In Sydney, Australia the International Union for the Conservation of Nature’s (IUCN) World Parks Congress aims to set the agenda for the conservation of the world’s parks.Conferences, conferences, conferences; what difference do they make for animals, one might ask, and rightly so. 

However, having read some very positive news coming out of the recent United Nations Convention on Migratory Species (CMS), where IFAW actively participated and where a number of marine species, amongst others, received higher levels of protection from human-induced threats, I am feeling rather optimistic right now.

SEE ALSO: Advocating species listings at CMS in Quito

As I write, I am Sydney attending the International Union for the Conservation of Nature’s (IUCN) World Parks Congress, a global forum on protected areas, which aims to set the agenda for the next decade for the conservation of the world’s parks.

On the surface, this seems like a monumental task, but I was reassured in the opening plenary yesterday when Achim Steiner, the Executive Director of the United Nations Environment Programme (UNEP) referenced the late Nelson Mandela who opened the previous Congress in Durban, South Africa, in 2003, saying, “we must act now to ensure that our wild places are protected for all generations to come. But, I see no place for protected areas unless they take the needs of local communities into consideration”. 

Further, a delegate from the South Pacific islands noted, “If the whole world can work together, we can save this planet”. 

Here the emphasis was on connectedness and collaborative action; we simply all have to work together to address the challenges facing our wild places.

Looking at the programme, I am excited about the anticipated outcomes of this congress. There are a number of streams that are important for IFAW as we embark on our aspirational and pragmatic journey to bring animal welfare and conservation closer together and to find real solutions for both animals and people.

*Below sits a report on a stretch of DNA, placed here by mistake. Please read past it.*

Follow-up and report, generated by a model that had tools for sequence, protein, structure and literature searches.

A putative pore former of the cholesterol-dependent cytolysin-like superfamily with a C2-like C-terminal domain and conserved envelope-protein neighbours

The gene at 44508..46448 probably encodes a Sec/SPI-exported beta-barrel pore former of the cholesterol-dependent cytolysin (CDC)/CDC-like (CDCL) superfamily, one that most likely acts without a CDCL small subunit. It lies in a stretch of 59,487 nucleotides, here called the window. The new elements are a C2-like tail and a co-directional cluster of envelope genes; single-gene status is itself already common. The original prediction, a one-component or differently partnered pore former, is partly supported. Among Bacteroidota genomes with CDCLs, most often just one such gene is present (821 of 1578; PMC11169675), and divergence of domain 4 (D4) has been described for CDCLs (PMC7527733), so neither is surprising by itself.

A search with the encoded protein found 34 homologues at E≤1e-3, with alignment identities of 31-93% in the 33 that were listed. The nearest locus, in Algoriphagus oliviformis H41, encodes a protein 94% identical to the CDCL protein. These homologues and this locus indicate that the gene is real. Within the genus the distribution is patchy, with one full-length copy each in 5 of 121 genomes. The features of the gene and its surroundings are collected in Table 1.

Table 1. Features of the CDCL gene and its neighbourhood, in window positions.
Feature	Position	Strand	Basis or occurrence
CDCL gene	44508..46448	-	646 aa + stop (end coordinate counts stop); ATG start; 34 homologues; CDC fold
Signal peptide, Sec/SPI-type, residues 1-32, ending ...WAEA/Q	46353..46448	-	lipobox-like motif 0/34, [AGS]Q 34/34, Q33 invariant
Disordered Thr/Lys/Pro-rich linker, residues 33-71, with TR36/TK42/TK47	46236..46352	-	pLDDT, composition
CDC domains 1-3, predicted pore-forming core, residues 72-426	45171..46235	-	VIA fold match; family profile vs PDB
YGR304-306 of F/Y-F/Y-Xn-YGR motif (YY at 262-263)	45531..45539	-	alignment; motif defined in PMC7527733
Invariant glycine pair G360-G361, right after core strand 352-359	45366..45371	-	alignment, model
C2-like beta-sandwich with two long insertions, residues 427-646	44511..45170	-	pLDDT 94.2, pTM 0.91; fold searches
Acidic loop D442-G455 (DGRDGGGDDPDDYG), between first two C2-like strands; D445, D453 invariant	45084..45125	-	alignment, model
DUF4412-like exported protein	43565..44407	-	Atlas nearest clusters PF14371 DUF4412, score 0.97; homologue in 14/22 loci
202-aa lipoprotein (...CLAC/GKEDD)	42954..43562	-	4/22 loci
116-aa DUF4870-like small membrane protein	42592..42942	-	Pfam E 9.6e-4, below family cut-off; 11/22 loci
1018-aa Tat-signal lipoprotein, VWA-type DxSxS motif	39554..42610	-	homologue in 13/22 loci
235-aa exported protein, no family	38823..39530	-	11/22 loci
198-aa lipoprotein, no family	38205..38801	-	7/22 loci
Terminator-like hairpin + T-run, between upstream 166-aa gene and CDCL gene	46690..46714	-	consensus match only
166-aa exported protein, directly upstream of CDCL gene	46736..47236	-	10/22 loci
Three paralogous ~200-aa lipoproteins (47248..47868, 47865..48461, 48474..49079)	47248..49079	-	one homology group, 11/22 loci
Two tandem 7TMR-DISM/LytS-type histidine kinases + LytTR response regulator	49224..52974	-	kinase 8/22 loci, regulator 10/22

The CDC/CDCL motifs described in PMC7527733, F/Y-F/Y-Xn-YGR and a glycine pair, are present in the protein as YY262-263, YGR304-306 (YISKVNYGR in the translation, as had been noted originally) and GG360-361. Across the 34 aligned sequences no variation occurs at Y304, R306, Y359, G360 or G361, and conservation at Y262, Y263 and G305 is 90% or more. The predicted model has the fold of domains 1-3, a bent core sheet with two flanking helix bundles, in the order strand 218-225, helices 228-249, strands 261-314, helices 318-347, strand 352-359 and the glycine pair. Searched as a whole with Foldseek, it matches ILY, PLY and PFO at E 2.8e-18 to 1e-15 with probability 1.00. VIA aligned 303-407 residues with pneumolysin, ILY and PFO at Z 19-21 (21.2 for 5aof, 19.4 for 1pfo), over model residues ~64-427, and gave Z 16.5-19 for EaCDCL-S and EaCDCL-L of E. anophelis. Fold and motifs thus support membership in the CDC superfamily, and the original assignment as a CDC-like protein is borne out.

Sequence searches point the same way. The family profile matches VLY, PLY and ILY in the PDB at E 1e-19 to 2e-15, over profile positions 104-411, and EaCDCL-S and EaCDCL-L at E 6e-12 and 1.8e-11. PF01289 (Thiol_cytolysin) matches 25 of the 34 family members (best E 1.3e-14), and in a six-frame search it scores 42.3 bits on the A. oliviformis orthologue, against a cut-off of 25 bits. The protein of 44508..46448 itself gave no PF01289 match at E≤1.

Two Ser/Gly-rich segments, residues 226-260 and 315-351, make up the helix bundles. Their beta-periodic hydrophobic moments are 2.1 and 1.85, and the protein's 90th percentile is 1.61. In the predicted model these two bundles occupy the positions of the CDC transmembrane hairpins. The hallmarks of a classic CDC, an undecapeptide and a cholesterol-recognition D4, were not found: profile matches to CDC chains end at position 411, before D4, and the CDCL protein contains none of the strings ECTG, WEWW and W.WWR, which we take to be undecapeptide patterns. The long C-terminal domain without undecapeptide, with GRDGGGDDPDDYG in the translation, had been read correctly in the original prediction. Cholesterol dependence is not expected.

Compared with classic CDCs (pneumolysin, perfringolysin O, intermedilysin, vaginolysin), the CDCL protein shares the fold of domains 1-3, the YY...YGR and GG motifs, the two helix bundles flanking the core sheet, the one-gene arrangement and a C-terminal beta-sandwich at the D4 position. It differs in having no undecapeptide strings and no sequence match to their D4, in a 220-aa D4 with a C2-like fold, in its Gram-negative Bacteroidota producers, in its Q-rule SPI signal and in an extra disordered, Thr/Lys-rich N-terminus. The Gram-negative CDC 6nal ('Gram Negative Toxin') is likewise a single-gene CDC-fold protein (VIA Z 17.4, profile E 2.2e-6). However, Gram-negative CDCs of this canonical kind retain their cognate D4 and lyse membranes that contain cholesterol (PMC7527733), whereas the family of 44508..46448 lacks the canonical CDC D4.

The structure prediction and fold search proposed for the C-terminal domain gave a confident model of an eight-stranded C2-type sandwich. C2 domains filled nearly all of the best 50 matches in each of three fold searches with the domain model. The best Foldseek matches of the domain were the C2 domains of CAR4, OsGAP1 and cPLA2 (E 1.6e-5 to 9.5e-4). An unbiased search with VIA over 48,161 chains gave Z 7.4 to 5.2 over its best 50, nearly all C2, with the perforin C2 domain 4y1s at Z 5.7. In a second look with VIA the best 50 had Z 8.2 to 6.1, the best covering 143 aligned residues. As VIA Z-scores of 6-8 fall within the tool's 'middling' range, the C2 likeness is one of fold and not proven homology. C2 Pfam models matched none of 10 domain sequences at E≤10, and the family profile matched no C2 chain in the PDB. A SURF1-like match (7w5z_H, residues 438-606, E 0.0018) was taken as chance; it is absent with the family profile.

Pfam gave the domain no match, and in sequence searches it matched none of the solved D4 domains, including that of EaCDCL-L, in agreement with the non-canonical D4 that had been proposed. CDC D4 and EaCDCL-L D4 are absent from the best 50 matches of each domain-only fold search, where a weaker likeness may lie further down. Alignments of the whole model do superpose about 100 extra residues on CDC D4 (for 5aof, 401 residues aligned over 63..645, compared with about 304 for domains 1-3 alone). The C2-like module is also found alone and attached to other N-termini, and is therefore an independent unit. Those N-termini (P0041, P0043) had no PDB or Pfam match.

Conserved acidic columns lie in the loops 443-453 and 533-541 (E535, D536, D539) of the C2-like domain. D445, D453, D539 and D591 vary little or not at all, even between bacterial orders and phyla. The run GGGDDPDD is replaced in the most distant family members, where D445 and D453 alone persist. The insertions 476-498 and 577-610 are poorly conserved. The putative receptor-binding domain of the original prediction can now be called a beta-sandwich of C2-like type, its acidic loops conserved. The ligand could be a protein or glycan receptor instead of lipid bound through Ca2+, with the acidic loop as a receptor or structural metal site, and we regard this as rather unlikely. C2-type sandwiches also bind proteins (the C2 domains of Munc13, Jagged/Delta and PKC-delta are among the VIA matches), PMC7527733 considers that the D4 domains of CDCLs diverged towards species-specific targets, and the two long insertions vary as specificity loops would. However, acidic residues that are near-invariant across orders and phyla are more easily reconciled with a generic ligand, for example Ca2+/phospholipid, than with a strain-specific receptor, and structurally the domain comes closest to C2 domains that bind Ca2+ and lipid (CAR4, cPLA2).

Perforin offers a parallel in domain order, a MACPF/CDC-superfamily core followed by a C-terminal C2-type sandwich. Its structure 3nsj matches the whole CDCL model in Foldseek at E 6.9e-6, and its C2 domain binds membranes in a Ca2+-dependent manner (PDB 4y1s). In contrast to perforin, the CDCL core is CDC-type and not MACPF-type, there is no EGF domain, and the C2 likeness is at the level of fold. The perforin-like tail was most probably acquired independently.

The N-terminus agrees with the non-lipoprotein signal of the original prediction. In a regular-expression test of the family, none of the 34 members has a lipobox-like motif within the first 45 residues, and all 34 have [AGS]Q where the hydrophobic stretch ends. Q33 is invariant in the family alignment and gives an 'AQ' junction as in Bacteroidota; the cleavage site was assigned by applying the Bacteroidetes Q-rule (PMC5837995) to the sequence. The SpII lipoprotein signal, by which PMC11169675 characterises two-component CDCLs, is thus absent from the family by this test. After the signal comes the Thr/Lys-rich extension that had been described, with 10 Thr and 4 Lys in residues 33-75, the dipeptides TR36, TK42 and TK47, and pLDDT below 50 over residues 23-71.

Responding to climate change, the importance of alternative livelihoods for local people through reconciling development challenges, measuring conservation outcomes in moving towards achieving impacts for animals and people, and moving towards innovative financing solutions for conservation, are all streams that will be important in informing IFAW’s on-the-ground programmatic action for the next decade.

The message is clear at this congress; to be successful in protecting our wild places, the coming together of global, innovative thinking, and on-the-ground action, which includes involving the people living alongside wildlife in promoting pragmatic solutions, is a must. 

Hence the theme, “Parks, People, Planet: inspiring solutions”. 

Lastly, with just under 6000 participants here, one cannot help but notice the fashion trends.

There are few present in suits, some in formal government attire, but by far the majority of participants are in ranger outfits and “plain” clothes.

This bodes well for discussions here, as it is the on-the-ground practitioners that are ultimately responsible for protecting our wild places and their contributions will be important for the successful outcomes of this congress.


Read more: At CMS, working to reconcile “green“ values to include animal welfare

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Article source: IFAW

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